Google has hung up its AlphaGo gloves after trouncing the world's best human Go players, but when will AI beat humans at other tasks, such as writing a best-selling novel or doing surgery?
To answer that question, a team of researchers led by Katja Grace of Oxford University's Future of Humanity Institute surveyed several hundred machine-learning experts to get their educated guess. The researchers used the responses to calculate the median number of years it would take for AI to reach key milestones in human capabilities.
Teachers may need to be on the alert for machine-written essays by 2026 and truck drivers could be made redundant by 2027, according to the results.
Meanwhile, AI will surpass human capabilities in retail by 2031. The experts also predict that AI will be capable of writing a best-seller by 2049, and doing a surgeon's work by 2053.
Overall, the respondents believe there is a 50 percent chance that AI beats humans at all tasks in 45 years and will automate all human jobs within 120 years.
The researchers invited the views of all 1,634 authors of papers published in 2015 at two of the leading machine-learning conferences, Neural Information Processing Systems and the International Conference on Machine Learning. A total of 352 researchers responded.
Interestingly, the researchers predict that AI won't beat the best human Go players until about 2028. As we know, Google beat Korean Go champ, Lee Sedol, in 2016, and just beat Chinese grandmaster Ke Ji. Google is now putting its AlphaGo developers from its DeepMind lab to work on solving bigger challenges to society.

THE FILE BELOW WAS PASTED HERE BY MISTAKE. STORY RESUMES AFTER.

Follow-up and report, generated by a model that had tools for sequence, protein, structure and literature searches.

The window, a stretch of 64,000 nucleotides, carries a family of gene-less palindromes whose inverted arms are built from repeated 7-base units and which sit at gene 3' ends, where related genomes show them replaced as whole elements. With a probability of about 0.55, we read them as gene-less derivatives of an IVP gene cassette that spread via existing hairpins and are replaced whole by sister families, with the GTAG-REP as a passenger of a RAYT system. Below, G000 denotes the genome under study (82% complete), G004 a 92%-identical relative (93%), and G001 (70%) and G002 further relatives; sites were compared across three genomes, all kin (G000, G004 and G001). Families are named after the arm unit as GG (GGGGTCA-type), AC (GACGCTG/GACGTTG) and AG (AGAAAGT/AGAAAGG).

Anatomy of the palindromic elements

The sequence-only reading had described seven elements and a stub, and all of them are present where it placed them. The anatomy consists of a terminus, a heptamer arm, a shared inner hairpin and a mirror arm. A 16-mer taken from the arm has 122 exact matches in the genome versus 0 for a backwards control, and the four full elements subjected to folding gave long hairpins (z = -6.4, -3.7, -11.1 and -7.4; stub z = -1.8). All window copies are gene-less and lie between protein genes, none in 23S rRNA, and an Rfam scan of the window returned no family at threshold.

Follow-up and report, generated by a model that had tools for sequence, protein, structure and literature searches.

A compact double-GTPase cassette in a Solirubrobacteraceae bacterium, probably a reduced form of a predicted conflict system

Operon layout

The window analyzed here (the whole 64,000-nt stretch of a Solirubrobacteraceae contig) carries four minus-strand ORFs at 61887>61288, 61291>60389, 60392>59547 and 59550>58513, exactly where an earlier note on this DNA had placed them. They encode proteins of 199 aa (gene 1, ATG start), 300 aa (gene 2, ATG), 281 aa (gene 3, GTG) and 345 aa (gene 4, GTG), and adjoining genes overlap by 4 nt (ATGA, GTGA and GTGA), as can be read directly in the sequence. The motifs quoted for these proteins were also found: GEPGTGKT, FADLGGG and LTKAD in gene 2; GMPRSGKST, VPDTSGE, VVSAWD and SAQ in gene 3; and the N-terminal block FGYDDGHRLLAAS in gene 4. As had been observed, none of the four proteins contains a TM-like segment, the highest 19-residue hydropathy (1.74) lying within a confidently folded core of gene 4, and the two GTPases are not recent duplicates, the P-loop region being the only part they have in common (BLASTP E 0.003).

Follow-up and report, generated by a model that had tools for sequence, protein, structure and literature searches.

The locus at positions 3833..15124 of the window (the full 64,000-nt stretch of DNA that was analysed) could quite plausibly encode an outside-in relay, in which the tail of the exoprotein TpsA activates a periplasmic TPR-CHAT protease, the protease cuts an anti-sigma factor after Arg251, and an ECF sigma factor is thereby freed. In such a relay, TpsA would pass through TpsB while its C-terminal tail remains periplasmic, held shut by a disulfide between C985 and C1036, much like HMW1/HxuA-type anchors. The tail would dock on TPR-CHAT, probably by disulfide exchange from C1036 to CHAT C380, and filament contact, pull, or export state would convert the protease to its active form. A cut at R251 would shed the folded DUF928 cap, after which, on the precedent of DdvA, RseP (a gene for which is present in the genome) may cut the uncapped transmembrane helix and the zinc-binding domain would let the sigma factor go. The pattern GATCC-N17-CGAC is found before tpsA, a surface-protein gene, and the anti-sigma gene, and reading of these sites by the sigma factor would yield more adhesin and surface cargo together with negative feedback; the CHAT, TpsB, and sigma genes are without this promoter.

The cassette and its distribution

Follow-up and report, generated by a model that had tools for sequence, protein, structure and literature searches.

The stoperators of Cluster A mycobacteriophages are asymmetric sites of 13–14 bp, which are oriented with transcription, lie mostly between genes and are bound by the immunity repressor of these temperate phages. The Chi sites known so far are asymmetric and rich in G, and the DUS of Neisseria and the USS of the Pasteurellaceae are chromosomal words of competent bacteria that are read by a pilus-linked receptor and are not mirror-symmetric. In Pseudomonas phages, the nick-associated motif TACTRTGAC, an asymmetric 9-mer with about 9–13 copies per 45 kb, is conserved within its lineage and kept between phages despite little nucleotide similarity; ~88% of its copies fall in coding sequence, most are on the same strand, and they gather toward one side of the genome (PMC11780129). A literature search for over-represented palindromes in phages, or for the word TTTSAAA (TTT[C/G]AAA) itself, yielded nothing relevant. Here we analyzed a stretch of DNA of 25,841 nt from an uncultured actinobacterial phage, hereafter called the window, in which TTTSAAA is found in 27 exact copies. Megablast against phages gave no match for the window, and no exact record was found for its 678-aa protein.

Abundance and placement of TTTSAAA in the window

But as Grace et al point out in the paper, the machine-learning experts were asked when AI could beat a human at Go on the condition that opponents had played or been trained on the same number of games.
"For reference, DeepMind's AlphaGo has probably played a hundred million games of self-play, while Lee Sedol has probably played 50,000," they note.
In fact, if the researchers' predictions are right, we're likely to see a two-legged robot beat humans in a 5km road race before AI beats a human Go player on equal terms.
The survey also asked the researchers about the likelihood of an AI "intelligence explosion", or the point at which AI becomes better than humans at AI design. As physicist Stephen Hawking explained, if that situation occurs, it could result in "machines whose intelligence exceeds ours by more than ours exceeds that of snails".
Specifically, researchers were asked about the chances of an intelligence explosion happening within two years of machines having learned to do every task better and more cheaply than humans. That is, within about 45 years.
Respondents overall see it as "possible but improbable", with a median probability of 10 percent. They also see it as likely to have positive outcomes but there is a five percent chance of an "extremely bad" outcome, like human extinction.